Spice up Ubuntu 10.10 desktop with Cairo-Dock

UbuntuUbuntu 10.10, the latest edition of the popular Linux distribution, which was just reviewed here, ships with the same blank desktop that has come to identify the Ubuntu desktop. But you do not have to live with it. You can spice it up with a very simple and elegant application. You can go from the default desktop shown below, to a more sexy desktop.

This article will show you how to go from this:

desktop
Default Ubuntu 10.10 desktop


To this:
desktopcairo6
Ubuntu desktop with Cairo Dock

To get there, we will have to install just one application, just one, with some dependencies. So launch a shell terminal and type the following command: sudo apt-get install cairo-dock. If you do not like working from the Linux command line, call the Software Center (Applications > Ubuntu Software Center), and search for cairo-dock. Your search results should match the ones shown in the image below. Click on the Install button and sit back and watch the installation begin. It should not take more than a few minutes.

cairo
Installing Cairo-Dock from the Software Center

After the installation, whether from a shell terminal or the Software Center, you will find two entries for Cairo-Dock in the menu. The first is accessible from Applications > Accessories > Cairo-Dock (no OpenGL), and the second from Applications > Accessories > GLX-Dock (Cairo-Dock with OpenGL). The GLX-Dock entry comes with more effects. Before launching Cairo-Dock, it is first necessary to remove the lower panel. That, in my opinion, is the best location to put it, or the best location to place the main one. So right-click on the lower panel and select Delete This Panel. Now you can start Cairo-Dock.

This is the default theme. If the default theme is not to your liking, there are more than a dozen themes you can choose from. To sample other themes, right-click on the dock and select Cairo-Dock > Manage themes.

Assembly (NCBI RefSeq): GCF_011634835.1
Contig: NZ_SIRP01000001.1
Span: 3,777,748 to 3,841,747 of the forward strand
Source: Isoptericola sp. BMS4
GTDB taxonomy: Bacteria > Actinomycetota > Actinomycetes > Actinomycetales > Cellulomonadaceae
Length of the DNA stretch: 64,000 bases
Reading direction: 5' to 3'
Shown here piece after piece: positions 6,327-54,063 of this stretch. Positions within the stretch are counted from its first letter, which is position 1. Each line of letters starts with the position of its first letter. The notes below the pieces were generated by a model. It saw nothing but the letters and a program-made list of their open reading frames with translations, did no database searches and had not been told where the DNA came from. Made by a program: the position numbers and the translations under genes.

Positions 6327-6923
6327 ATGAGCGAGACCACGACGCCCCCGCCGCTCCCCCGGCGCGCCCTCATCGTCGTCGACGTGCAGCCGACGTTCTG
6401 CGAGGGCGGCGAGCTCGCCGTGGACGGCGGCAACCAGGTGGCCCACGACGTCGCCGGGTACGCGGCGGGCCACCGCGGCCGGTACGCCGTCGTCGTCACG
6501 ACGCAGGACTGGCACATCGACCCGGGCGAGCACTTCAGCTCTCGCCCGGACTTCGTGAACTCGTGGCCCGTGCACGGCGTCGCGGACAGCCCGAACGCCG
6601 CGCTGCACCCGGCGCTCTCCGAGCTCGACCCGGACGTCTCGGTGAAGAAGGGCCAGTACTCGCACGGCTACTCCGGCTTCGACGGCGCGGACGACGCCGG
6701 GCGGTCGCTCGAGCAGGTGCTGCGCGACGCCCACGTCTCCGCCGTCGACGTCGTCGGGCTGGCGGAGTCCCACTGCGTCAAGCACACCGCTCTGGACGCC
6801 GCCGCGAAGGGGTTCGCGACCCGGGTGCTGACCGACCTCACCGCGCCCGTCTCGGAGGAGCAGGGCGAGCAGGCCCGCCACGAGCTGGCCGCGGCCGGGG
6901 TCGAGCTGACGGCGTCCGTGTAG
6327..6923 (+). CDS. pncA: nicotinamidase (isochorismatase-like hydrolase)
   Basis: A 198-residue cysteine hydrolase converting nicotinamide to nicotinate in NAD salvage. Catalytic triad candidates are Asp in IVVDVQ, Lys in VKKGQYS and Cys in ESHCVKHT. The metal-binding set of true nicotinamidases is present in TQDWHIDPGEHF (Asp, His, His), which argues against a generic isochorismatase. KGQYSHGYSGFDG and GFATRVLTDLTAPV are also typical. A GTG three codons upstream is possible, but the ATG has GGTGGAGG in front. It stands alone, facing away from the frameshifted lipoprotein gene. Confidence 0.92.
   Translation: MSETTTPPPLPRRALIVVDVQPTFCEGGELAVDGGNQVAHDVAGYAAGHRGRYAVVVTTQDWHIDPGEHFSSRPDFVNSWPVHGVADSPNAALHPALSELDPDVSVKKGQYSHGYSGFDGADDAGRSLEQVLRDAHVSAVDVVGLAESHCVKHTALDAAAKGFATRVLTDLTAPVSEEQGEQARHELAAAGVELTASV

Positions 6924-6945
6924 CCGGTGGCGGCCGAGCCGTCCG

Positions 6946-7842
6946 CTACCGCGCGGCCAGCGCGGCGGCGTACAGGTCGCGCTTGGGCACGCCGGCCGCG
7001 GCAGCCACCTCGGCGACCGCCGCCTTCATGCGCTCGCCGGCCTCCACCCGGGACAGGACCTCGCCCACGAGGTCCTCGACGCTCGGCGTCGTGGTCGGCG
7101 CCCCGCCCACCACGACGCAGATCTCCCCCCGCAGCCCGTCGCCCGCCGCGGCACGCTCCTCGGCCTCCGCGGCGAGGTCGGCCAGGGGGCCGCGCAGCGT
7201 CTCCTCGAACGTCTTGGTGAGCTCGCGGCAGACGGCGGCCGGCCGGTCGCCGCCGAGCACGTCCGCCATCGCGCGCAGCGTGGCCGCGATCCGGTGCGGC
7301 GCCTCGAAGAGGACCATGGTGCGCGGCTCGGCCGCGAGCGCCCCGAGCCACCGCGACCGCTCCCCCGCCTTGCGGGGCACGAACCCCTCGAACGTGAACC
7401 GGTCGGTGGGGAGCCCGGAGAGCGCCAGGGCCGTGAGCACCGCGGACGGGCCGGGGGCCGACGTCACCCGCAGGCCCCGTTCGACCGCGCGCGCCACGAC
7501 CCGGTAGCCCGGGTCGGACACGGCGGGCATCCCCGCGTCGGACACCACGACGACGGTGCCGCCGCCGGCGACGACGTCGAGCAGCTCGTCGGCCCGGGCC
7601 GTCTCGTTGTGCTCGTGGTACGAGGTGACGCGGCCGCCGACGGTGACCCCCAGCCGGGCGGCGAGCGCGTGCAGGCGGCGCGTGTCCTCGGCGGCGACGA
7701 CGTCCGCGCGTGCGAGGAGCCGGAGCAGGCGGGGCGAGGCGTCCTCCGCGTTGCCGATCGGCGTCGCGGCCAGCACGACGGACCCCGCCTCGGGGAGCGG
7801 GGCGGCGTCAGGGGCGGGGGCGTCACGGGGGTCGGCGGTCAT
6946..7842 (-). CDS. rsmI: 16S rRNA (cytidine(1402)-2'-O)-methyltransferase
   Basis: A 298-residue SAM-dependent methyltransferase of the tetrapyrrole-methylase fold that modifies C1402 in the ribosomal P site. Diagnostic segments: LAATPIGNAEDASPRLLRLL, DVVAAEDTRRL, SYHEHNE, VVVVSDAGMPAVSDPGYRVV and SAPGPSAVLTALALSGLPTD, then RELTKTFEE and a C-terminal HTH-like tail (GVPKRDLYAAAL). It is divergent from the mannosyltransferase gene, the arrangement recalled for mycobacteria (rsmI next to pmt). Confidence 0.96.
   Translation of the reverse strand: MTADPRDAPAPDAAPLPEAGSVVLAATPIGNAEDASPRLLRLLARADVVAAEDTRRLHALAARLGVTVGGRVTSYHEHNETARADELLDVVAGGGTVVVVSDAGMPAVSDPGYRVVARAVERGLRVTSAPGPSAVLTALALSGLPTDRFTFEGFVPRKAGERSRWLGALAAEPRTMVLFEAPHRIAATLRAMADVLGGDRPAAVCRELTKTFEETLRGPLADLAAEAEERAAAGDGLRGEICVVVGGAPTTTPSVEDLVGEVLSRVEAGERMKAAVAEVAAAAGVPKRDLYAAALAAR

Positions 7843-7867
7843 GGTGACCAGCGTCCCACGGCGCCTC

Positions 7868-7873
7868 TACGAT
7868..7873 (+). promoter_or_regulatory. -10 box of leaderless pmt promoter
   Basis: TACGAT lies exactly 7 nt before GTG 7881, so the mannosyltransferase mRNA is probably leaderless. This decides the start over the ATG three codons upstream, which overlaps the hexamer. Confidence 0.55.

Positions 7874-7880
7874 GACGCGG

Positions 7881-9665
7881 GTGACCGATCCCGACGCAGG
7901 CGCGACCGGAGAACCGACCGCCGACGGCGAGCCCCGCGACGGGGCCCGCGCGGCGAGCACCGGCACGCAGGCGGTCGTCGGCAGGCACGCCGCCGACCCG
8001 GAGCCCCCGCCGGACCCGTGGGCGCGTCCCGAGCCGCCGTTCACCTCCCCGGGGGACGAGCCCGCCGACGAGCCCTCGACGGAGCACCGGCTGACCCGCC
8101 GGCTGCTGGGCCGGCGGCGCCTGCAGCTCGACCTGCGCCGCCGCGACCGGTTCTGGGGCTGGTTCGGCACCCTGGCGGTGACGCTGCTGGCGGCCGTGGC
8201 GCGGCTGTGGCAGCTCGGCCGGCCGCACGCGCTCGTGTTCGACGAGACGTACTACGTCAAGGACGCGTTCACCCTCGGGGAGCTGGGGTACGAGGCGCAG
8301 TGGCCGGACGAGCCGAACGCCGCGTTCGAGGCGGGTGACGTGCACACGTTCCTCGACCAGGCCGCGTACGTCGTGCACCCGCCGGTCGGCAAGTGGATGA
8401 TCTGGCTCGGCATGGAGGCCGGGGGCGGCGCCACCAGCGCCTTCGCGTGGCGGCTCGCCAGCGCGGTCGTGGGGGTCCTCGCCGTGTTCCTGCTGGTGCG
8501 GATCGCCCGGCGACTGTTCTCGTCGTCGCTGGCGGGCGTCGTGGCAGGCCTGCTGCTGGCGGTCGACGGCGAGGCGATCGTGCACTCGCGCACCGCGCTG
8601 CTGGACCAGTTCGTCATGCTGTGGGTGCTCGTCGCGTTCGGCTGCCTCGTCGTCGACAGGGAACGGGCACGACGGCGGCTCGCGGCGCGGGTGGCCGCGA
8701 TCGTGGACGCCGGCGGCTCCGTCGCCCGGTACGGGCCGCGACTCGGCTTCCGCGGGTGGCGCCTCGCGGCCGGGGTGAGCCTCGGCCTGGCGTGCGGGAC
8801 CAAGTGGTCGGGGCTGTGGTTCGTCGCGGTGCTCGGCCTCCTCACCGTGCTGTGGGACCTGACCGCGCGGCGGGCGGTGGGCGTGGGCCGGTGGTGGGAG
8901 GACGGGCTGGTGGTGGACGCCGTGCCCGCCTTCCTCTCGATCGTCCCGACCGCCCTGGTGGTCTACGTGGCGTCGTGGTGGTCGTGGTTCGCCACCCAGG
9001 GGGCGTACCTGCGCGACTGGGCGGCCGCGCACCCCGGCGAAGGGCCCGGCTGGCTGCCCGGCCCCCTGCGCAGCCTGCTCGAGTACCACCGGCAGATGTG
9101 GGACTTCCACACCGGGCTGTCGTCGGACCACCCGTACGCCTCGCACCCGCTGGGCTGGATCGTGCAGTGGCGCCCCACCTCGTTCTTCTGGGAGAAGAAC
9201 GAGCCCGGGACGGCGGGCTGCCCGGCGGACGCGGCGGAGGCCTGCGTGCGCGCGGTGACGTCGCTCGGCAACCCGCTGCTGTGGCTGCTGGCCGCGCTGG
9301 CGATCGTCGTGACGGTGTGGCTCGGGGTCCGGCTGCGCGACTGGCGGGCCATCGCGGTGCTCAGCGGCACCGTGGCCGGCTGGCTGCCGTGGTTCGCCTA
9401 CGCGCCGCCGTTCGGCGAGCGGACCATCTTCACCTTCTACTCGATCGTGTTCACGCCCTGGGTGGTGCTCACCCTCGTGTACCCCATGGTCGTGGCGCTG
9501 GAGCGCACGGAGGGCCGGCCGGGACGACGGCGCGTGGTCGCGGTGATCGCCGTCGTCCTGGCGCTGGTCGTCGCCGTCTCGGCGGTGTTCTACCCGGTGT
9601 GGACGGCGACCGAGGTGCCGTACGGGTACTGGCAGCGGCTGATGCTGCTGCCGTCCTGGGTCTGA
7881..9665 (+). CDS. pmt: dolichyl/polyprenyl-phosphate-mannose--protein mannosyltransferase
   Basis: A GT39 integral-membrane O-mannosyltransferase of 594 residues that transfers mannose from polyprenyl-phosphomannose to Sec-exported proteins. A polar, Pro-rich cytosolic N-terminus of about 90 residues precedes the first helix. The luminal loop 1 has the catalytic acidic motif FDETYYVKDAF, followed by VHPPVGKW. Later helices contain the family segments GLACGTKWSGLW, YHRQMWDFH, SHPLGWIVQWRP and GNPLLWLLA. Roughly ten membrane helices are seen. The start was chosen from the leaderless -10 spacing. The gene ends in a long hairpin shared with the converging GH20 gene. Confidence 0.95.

desktopcairo1
Cairo Dock on Ubuntu desktop

Cairo-Dock’s theme manager allows you to sample all available themes without activating them.

cairotheme
Theme manager

Related Posts

5 performance tips for Node.js applications Node.js is single-threaded and uses non-blocking I/O, allowing it to scale and support tens of thousands of concurrent operations. It shares these...
Which Debian 5 iso image should you download? Like previous Debian GNU/Linux releases, Debian 5 gives you a number of options when it comes to downloading an iso image for installation. Regardles...
Configure OSSEC to not email alerts on IPTables denied messages The tl;dr of this article is: It shows how to configure OSSEC, a host-based intrusion detection system, to not send email alerts whenever IPTables rej...
How to customize Ubuntu 10.04 desktop It's been almost a month since Ubuntu 10.04 was released. I'm not a fan of Ubuntu, but Lucid Lynx, the code name for the latest version of Ubuntu, is,...
Install Elisa Media Center on Foresight Linux Elisa Media Center is a free and open source media center application developed by Fluendo SA, the same Spanish company responsible for the developmen...
Upgrade Ubuntu 12.04 server to 14.04 ‘Tis the season for upgrading. First was upgrading OSSEC from 2.7 to 2.8, see Upgrading OSSEC 2.7 to 2.8 and the bro-ids rule issue. Now's the time...

We Recommend These Vendors and Free Offers

ContainerizeThis 2016 is a free, 2-day conference for all things containers and big data. Featured, will be presentations and free, hands-on workshops. Learn more at ContainerizeThis.com

Launch an SSD VPS in Europe, USA, Asia & Australia on Vultr's KVM-based Cloud platform starting at $5:00/month (15 GB SSD, 768 MB of RAM).

Deploy an SSD Cloud server in 55 seconds on DigitalOcean. Built for developers and starting at $5:00/month (20 GB SSD, 512 MB of RAM).

Want to become an expert ethical hacker and penetration tester? Request your free video training course of Online Penetration Testing and Ethical Hacking

Whether you're new to Linux or are a Linux guru, you can learn a lot more about the Linux kernel by requesting your free ebook of Linux Kernel In A Nutshell.


4 Comments

  1. jonny rocket

    i use cairo. better than awn and docky. just works better.

  2. Oops. I meant to comment on Ubuntu 10.10 story below this one. Sorry about that.

  3. The second item on the checklist may not be useless if the user is installing on a notebook/laptop computer.

  4. Pingback: Links 15/10/2010: Fusion Fedora 14, MeeGo 1.1 for ARM | Techrights

Leave a Comment

Your email address will not be published. Required fields are marked *

*